Variety's Scores

For 8,200 reviews, this publication has graded:
  • 53% higher than the average critic
  • 3% same as the average critic
  • 44% lower than the average critic
On average, this publication grades 1.9 points lower than other critics. (0-100 point scale)
Average Movie review score: 60
Highest review score: 100 Ratatouille
Lowest review score: 0 Wrong Cops
Score distribution:
8,200 movie reviews
  1. Gripping, intimate genre triumph.
    • 66 Metascore
    • 100 Critic Score
    Substance is here in spades, along with the twisted, brilliantly controlled style on which filmmakers Joel and Ethan Coen made a name.
  2. An acid portrait of contemporary Austria (and by extension, the whole middle class) as unspeakably dull, violent and stupid. The film itself, miraculously, is just the opposite: vibrantly inventive, aesthetically rigorous, sardonic and occasionally quite brilliant.
    • 66 Metascore
    • 90 Critic Score
    A solidly crafted depiction of some current big-city horrors and succeeds largely because of the Robert Duvall-Sean Penn teaming as frontline cops.
  3. Bold, inventive, sustained adrenaline rush of a movie.
  4. Equal parts audacious dark comedy, wish-fulfillment fantasy and over-the-top, tongue-in-cheek action-adventure.
  5. Armstrong and Jones smoothly navigate the magical tale through numerous shocking twists and turns until they bring it to a most logical, emotionally satisfying conclusion.
    • 66 Metascore
    • 90 Critic Score
    Beautifully textured, cleverly scripted and eerily shot (often with a wideangle lens making characters look even weirder), Delicatessan is a zany little film that's a startling and clever debut for co-helmers Jean-Pierre Jeunet and Marc Caro.
  6. The director has managed the difficult feat of making a nonlinear film that contains a handful of almost unbearably suspenseful sequences, each one undercut by bizarre black humor.
  7. This is not "E.T.," nor is it a kid's film nor even necessarily a major mass-audience film, although Spielberg's name, high public anticipation and the child-oriented campaign will make it perform like one.
  8. Less of a comedy than a hilarious tragedy, I Love You Phillip Morris stars Jim Carrey in his most complicated comedic role since "The Cable Guy."
  9. A faithful adaptation that captures the haunting spirit and religious nature of the 1951 novel.
  10. Craftily combining elements that speak directly to three different generations, this accomplished ensemble piece is shaping up to be the surprise homegrown hit of the season.
    • 65 Metascore
    • 90 Critic Score
    The Harrison Ford-Sean Connery father-and-son team gives Last Crusade unexpected emotional depth, reminding us that real film magic is not in special effects.
  11. After undergoing some unfortunate mutations in recent years, a beleaguered Marvel movie property gets the smart, stylish prequel it deserves in X-Men: First Class.
  12. Guediguian's seemingly sprawling but in fact quite precise picture takes a while to establish itself, but is eventually rewarding viewing.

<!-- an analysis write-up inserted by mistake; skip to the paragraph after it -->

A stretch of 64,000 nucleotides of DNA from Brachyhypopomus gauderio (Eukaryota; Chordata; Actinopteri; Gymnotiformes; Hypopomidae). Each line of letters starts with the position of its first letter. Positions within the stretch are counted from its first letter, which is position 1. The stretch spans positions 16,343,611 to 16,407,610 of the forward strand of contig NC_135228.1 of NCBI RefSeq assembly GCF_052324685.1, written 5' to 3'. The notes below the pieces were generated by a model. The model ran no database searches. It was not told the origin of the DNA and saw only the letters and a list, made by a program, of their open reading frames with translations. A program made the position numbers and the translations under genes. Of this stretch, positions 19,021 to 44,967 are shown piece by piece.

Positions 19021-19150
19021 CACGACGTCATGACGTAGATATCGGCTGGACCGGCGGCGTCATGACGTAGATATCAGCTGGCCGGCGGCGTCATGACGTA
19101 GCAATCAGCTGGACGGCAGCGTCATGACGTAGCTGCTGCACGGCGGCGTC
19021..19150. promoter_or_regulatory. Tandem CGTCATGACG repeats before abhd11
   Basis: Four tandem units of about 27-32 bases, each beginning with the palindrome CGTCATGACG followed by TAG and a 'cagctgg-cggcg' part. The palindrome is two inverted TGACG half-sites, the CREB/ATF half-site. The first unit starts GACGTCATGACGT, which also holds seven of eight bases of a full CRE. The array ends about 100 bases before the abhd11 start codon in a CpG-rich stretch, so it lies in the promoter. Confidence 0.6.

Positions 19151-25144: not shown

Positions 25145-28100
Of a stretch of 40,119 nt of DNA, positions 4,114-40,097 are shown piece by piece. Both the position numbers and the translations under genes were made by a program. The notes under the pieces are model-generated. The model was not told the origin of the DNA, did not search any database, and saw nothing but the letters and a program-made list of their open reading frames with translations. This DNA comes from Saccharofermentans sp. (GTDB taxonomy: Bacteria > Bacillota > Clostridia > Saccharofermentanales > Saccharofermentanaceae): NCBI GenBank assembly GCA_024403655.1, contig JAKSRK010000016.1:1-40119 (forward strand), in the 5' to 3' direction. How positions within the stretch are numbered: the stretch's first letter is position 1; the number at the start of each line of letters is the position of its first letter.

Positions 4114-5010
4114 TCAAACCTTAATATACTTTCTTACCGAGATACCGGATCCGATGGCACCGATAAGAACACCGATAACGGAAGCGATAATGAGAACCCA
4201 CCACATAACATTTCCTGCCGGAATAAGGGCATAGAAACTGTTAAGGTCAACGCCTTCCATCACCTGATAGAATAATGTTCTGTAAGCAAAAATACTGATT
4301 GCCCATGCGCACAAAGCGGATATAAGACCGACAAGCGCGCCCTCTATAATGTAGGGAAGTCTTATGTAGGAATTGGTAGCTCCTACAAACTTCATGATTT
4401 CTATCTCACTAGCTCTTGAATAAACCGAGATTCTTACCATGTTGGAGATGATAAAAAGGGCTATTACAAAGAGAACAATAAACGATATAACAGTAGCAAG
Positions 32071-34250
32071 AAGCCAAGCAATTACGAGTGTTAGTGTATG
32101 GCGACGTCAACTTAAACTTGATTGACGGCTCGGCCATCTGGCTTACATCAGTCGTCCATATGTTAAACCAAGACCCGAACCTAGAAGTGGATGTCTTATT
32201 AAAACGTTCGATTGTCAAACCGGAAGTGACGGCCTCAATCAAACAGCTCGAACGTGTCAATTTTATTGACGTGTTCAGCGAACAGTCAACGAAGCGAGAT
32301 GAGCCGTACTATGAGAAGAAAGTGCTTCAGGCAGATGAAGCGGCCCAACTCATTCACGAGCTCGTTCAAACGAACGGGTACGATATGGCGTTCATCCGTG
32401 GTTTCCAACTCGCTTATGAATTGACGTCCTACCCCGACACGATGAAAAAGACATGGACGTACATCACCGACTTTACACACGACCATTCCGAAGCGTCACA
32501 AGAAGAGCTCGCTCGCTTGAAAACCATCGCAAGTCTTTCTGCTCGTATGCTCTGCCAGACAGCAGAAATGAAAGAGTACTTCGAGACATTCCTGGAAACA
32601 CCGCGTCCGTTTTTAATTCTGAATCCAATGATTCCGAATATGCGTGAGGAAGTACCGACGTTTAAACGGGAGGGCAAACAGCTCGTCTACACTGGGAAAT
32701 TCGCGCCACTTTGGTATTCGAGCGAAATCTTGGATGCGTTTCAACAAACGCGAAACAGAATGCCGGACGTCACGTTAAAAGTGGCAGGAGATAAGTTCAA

13. If the satire feels familiar, and the dramatics often contrived, there's rarely a moment here when something funny, intense or cleverly interconnected doesn't keep one's synapses firing on overdrive.
  14. Repulsive and sublimely beautiful, arguably celebratory and damning of its characters, it’s hideous and masterful all at once, “Salo” with sunburn.
    • 65 Metascore
    • 90 Critic Score
    This weirdly off-kilter suspenser goes well beyond the usual police procedural or killer-on-a-rampage yarn due to a fine script, striking craftsmanship and a masterful performance by Morgan Freeman.
    • 65 Metascore
    • 90 Critic Score
    One of Robert Altman’s most cinematically conventional films as well as one of his most deeply personal.
  15. Unlike "Four Weddings," which ultimately was moralistic and conservative in its message --—About Adam is a frolic free of any judgments, and marked by Stembridge's sparkling wit.
  16. A resoundingly old-fashioned and well crafted study of evil infecting an American family, Frailty moves from strength to strength on its deceptive narrative course.
  17. Love it or hate it, Northfork is a cinematic vision (visually and textually) unlike any with which most moviegoers, even arthouse regulars, will be familiar.
    • 64 Metascore
    • 90 Critic Score
    At once rich in historic and character detail and full of eye-popping tableaux, this new spin on the Moses saga sometimes out-DeMilles DeMille's 1956 live-action epic, "The Ten Commandments."
    • 64 Metascore
    • 90 Critic Score
    Absolutely charming, unabashedly offbeat Blue Juice is a quirky comedy billed as Britain's first surf pic.
  18. The script is faithful, the actors are just right, the sets, costumes, makeup and effects match and sometimes exceed anything one could imagine.
    • 64 Metascore
    • 90 Critic Score
    The most satisfying epicurean feast since "Big Night."
  19. A mostly superb bit of modern horror from the writer-director-editor previously responsible for the Frankenstein story "No Telling" and the urban vampire pic "Habit."
  20. Jacobson produces a remarkably creepy piece of cinema that disturbs by suggestion, nuance and ambiguity.
  21. Cooper seems to make actors feel safe and willing to expose themselves in ways they ordinarily might not, and time and again he takes scenes to places of unexpected emotional power.

Top Trailers